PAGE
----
A quick glance at the Serie A table and everything looks as you might expect. The poorest squads—those of Pescara, Palermo and Crotone—occupy the relegation spots and seem certain to drop to the second tier next term, while AS Roma and Napoli are once again contending for a UEFA Champions League berth.
Above them Juventus look set to inevitably secure a record sixth consecutive title, but it is arguably their next domestic opponent whose position is most startling. Sitting fifth, behind Lazio but ahead of clubs like AC Milan, Fiorentina, Torino and Inter Milan, there is little doubt that Atalanta have been Italian football's surprise package.
They take on the Bianconeri on Friday, but by now it has already been impossible to ignore the rise of La Dea—"The Goddess"—with almost every club in Europe having been linked with the likes of Franck Kessie, Andrea Conti or one of their other promising young players.
But that does not make their story any less intriguing. After all, here is a club who were relegated in 2003, 2005 and 2010, immediately regaining promotion but only managing to finish in the top half of Serie A once in the past 10 seasons.
They finished 13th last term, and in truth, it looked as if the 2016/17 campaign would play out in much the same manner. Before the end of September, they had lost four of their opening five games, a run of results that left Gian Piero Gasperini the clear favourite to be the first Serie A coach to lose his job.
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A 3-1 win over Crotone gave him some breathing room, but as he prepared the side for their week seven clash with Napoli, the 59-year-old knew something drastic had to be done if he was keep the team afloat and himself in a job.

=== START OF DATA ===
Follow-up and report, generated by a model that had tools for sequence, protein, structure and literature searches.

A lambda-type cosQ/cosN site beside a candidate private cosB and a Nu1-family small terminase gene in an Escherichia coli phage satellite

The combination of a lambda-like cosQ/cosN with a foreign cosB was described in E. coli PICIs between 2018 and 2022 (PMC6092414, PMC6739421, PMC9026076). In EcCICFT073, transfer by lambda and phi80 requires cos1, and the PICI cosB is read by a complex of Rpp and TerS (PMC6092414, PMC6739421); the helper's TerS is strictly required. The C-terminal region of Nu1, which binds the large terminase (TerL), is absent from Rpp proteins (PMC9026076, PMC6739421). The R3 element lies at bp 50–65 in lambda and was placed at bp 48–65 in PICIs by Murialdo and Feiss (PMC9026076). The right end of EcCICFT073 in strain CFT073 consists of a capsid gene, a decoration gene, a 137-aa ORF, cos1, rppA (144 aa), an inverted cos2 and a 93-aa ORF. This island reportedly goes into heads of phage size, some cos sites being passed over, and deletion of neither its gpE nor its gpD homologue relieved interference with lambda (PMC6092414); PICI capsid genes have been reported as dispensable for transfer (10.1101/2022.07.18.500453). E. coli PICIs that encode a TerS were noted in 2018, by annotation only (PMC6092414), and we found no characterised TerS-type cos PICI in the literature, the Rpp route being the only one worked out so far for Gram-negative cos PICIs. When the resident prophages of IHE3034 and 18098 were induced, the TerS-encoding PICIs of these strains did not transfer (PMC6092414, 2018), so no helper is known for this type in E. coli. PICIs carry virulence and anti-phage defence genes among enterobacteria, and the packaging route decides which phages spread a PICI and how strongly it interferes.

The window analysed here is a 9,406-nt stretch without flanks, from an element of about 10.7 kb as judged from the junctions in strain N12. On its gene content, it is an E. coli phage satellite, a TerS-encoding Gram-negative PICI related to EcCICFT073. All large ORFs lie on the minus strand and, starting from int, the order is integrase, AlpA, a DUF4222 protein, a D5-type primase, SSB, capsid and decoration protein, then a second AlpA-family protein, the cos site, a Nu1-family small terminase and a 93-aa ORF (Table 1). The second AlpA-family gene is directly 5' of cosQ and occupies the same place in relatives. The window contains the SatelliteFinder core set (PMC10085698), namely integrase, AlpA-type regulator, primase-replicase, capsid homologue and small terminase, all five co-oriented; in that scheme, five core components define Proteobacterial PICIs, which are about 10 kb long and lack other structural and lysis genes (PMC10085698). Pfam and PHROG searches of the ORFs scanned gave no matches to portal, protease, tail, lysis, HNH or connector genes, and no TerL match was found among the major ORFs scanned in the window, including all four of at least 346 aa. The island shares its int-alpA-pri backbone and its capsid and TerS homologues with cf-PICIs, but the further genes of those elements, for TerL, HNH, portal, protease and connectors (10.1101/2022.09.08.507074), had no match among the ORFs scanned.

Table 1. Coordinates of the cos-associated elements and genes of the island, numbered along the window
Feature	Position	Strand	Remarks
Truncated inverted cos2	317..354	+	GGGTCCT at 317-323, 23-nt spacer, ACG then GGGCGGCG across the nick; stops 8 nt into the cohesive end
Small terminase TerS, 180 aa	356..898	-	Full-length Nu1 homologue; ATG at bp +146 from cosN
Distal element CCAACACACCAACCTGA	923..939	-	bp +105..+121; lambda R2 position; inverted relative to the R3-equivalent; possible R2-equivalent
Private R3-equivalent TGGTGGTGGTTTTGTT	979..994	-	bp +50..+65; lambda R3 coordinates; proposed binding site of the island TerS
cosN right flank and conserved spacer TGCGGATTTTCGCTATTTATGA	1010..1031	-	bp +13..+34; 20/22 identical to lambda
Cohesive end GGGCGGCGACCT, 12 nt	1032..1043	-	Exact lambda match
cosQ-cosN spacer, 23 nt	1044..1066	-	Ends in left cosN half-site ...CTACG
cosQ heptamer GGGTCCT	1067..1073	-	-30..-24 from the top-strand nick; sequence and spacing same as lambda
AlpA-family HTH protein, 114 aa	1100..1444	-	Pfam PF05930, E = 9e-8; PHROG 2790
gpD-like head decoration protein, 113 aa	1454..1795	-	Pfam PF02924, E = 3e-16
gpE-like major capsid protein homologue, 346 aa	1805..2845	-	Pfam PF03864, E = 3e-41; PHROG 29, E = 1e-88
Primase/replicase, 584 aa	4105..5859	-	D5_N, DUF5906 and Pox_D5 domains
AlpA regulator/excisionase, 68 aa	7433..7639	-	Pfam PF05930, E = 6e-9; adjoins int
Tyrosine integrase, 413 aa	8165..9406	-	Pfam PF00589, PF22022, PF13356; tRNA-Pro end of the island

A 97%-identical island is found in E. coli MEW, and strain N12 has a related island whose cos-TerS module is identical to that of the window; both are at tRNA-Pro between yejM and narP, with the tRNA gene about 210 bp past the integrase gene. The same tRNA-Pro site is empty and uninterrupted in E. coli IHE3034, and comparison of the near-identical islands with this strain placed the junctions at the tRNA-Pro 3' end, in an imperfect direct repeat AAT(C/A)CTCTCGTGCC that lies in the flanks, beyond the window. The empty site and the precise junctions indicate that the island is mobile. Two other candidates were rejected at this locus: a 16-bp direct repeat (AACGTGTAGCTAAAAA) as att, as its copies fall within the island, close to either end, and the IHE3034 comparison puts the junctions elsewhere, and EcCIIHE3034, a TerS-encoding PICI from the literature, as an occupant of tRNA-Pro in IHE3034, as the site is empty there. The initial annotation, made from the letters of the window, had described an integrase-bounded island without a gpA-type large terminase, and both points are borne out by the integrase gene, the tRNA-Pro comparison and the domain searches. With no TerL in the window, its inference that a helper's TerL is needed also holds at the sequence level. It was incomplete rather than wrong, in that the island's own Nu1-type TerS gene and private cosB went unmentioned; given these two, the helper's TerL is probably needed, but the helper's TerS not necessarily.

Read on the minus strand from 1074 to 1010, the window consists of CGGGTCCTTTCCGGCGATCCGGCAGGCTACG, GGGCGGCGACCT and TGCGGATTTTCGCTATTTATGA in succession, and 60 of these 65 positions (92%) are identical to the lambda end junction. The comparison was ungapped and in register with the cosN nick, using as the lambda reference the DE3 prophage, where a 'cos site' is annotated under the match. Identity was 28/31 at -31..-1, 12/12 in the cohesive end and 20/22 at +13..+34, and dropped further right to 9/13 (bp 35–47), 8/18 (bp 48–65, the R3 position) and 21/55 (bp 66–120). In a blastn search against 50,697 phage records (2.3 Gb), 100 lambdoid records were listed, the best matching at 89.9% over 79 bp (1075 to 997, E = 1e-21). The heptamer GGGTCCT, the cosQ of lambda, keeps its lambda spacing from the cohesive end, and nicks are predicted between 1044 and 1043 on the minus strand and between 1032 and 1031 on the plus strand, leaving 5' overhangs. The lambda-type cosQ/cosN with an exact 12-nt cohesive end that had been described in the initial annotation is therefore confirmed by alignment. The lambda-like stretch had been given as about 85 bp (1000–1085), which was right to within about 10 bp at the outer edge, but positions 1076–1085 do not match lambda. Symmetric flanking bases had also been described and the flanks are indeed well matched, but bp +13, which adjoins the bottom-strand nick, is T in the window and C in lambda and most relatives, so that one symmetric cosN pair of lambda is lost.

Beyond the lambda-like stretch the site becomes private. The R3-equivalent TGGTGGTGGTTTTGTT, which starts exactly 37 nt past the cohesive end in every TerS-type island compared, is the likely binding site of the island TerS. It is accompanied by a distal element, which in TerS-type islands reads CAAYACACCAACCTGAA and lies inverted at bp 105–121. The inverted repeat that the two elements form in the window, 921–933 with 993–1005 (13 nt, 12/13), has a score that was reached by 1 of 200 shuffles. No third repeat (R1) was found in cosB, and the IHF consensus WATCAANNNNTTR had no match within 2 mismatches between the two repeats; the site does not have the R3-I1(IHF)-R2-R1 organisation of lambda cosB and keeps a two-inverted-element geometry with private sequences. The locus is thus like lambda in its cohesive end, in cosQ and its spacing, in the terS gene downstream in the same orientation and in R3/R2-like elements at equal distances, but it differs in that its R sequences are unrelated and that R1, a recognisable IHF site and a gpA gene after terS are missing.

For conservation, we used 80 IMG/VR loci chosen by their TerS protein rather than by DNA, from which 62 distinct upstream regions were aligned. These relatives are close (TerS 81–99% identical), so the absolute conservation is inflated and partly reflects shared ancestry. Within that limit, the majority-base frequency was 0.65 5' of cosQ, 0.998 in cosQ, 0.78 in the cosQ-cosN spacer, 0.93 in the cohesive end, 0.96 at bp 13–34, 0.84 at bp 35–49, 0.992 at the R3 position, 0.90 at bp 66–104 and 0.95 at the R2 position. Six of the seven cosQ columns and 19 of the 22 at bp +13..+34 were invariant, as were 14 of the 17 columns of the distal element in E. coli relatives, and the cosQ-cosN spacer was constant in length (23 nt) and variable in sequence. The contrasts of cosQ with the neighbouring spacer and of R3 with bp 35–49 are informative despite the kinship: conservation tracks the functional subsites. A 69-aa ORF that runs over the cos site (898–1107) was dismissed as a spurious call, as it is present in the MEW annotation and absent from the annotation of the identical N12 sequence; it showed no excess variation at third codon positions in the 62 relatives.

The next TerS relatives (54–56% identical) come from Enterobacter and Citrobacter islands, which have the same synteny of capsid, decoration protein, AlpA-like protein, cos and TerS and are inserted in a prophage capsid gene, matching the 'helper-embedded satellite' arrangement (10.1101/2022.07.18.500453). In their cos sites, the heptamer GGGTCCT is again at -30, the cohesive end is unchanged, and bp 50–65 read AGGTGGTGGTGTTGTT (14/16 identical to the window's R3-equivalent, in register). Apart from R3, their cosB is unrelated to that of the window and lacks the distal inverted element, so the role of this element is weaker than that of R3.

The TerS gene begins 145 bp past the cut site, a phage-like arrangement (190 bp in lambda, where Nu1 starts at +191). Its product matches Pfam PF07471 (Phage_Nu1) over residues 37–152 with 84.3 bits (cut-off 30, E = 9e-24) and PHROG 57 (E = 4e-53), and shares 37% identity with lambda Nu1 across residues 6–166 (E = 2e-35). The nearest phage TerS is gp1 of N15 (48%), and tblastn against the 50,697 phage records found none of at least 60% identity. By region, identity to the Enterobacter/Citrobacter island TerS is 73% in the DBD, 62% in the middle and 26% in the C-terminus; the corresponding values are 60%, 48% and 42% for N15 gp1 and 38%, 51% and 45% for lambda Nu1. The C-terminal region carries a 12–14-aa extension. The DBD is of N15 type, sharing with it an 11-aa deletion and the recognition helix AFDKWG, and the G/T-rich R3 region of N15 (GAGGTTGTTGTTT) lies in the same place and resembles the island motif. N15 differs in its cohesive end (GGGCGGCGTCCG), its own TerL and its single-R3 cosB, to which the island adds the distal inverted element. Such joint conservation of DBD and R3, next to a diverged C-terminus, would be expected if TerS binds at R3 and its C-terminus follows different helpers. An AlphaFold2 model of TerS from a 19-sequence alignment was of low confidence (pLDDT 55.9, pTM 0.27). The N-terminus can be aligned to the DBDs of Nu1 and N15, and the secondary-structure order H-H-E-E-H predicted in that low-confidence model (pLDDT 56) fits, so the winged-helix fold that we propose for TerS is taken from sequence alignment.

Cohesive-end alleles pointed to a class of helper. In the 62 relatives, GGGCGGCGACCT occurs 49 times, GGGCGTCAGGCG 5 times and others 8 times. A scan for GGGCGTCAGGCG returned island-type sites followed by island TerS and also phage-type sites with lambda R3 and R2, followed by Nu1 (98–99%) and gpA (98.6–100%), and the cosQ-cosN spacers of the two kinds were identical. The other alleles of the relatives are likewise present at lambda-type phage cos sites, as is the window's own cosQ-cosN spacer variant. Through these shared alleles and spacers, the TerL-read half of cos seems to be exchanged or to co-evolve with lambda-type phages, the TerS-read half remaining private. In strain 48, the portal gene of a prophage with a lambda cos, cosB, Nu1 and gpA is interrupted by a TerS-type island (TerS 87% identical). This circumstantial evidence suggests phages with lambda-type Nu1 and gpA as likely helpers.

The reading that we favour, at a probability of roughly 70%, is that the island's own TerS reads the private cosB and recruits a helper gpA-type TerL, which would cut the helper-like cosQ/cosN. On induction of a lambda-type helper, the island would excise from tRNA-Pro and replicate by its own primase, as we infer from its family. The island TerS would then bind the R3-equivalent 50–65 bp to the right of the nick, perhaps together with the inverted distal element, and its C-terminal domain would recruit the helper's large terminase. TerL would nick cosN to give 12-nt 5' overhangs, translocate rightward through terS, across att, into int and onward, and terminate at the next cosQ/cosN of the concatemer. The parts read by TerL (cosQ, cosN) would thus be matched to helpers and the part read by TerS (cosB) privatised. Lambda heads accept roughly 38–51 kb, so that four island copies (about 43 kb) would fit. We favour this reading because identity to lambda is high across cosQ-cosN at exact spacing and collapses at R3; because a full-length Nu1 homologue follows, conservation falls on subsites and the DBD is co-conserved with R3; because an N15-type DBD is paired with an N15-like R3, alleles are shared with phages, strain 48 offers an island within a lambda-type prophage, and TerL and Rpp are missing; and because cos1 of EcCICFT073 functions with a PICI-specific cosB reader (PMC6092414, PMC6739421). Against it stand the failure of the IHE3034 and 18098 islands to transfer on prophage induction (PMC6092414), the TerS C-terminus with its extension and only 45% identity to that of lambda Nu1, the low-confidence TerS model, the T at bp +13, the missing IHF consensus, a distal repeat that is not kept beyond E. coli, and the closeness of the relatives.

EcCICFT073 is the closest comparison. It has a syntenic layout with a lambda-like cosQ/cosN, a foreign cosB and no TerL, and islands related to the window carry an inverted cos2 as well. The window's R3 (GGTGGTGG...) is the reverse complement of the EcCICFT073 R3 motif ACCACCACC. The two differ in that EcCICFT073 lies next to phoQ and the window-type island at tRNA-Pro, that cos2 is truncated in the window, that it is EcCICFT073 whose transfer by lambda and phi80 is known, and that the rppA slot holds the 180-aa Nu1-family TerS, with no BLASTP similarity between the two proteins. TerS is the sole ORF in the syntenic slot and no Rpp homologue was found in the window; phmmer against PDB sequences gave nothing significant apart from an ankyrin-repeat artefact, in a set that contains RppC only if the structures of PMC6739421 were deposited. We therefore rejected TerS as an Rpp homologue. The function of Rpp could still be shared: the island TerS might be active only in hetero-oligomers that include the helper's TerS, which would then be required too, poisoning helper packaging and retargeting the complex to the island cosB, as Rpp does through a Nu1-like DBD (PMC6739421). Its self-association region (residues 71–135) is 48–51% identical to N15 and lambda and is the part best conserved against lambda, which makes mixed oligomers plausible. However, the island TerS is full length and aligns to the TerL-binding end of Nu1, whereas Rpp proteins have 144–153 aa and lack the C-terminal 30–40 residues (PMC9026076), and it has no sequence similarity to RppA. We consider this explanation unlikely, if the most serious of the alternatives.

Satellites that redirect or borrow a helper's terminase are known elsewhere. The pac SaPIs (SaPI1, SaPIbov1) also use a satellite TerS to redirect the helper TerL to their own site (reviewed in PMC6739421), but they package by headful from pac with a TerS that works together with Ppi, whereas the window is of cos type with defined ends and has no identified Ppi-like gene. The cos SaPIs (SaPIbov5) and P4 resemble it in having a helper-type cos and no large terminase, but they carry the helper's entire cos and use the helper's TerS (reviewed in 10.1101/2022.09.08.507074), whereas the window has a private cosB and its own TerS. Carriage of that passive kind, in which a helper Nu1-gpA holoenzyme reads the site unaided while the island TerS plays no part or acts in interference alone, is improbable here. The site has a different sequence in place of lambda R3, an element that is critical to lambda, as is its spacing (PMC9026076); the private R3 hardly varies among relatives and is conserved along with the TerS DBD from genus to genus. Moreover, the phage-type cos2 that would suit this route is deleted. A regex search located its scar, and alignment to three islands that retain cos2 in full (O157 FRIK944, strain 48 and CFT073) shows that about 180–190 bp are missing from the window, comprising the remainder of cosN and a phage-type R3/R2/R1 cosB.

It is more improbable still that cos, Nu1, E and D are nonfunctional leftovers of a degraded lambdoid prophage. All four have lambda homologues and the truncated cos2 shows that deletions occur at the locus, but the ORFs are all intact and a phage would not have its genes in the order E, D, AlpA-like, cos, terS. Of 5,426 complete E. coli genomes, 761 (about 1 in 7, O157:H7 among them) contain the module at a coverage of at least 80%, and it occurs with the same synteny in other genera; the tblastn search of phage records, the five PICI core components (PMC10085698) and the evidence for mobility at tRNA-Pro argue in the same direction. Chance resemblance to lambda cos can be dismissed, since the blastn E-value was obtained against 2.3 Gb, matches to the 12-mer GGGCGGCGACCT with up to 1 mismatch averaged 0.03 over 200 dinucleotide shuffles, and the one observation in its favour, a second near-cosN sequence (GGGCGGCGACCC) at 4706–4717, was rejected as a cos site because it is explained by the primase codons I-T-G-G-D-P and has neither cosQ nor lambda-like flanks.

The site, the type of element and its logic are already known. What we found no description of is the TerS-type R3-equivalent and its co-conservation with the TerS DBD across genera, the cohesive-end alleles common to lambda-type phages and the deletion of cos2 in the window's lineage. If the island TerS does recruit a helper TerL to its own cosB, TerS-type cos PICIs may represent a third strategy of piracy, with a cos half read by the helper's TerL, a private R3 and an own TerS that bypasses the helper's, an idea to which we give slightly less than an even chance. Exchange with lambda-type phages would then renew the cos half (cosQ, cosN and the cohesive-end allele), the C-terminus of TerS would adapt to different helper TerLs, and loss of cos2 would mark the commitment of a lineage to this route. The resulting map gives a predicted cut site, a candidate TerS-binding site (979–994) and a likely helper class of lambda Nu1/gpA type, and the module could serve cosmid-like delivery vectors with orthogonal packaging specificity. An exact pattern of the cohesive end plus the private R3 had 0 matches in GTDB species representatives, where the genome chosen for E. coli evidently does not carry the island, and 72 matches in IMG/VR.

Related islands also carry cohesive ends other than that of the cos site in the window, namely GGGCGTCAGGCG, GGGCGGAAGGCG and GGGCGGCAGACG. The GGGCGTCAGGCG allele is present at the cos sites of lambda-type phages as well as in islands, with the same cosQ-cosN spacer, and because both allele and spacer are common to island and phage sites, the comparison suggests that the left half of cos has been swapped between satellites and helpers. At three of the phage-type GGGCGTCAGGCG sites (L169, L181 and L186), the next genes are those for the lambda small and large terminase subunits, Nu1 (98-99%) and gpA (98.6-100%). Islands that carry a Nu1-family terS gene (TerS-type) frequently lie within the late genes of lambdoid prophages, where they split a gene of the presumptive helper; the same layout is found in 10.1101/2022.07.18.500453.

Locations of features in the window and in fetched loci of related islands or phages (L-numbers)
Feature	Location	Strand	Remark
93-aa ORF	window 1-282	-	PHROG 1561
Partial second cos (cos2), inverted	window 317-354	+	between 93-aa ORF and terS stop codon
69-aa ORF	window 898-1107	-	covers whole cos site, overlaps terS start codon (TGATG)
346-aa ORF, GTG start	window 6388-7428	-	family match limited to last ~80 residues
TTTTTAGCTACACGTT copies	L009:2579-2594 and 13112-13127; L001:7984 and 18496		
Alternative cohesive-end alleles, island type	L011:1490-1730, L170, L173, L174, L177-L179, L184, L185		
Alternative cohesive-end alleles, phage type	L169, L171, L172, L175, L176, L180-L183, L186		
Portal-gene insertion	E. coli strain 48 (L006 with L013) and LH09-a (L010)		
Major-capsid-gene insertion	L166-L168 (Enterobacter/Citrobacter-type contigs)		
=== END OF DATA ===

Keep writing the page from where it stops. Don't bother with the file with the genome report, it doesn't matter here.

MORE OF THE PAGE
"I was on the verge of being sacked, it's true," Gasperini later told La Gazzetta dello Sport (h/t Football Italia). "I decided to play Mattia Caldara and Roberto Gagliardini [against Napoli]. I told the president my formation the day before and he was shaken to the point of not sleeping, but I'd made up my mind because I'd seen them in training."
The boldness of that move almost defies belief, with the coach putting his faith in two wholly untested players against a Napoli side who were the only undefeated team left in Italy. They were clearly the underdogs, but thanks to a ninth-minute goal, they instead made the Partenopei the first victim of Gasperini's youth-led revolution.
Atalanta have not looked back, recording wins over Inter and Roma while tasting defeat just four more times as they await the Bianconeri on Friday. Arguably their biggest result came away at Napoli in February, with thousands of fans waiting at the local airport to greet the team and celebrate a remarkable 2-0 win at the Stadio San Paolo.
There are a number of factors contributing to their incredible success, but Bleacher Report's own Paolo Bandini is in little doubt as to who deserves much of the credit, as he explained: "I'm hugely surprised to see Atalanta where they are. They've not been in Europe since the Anglo-Italian cup in the mid-90s. But I'm not surprised Gasperini has had a positive impact. He's an excellent manager.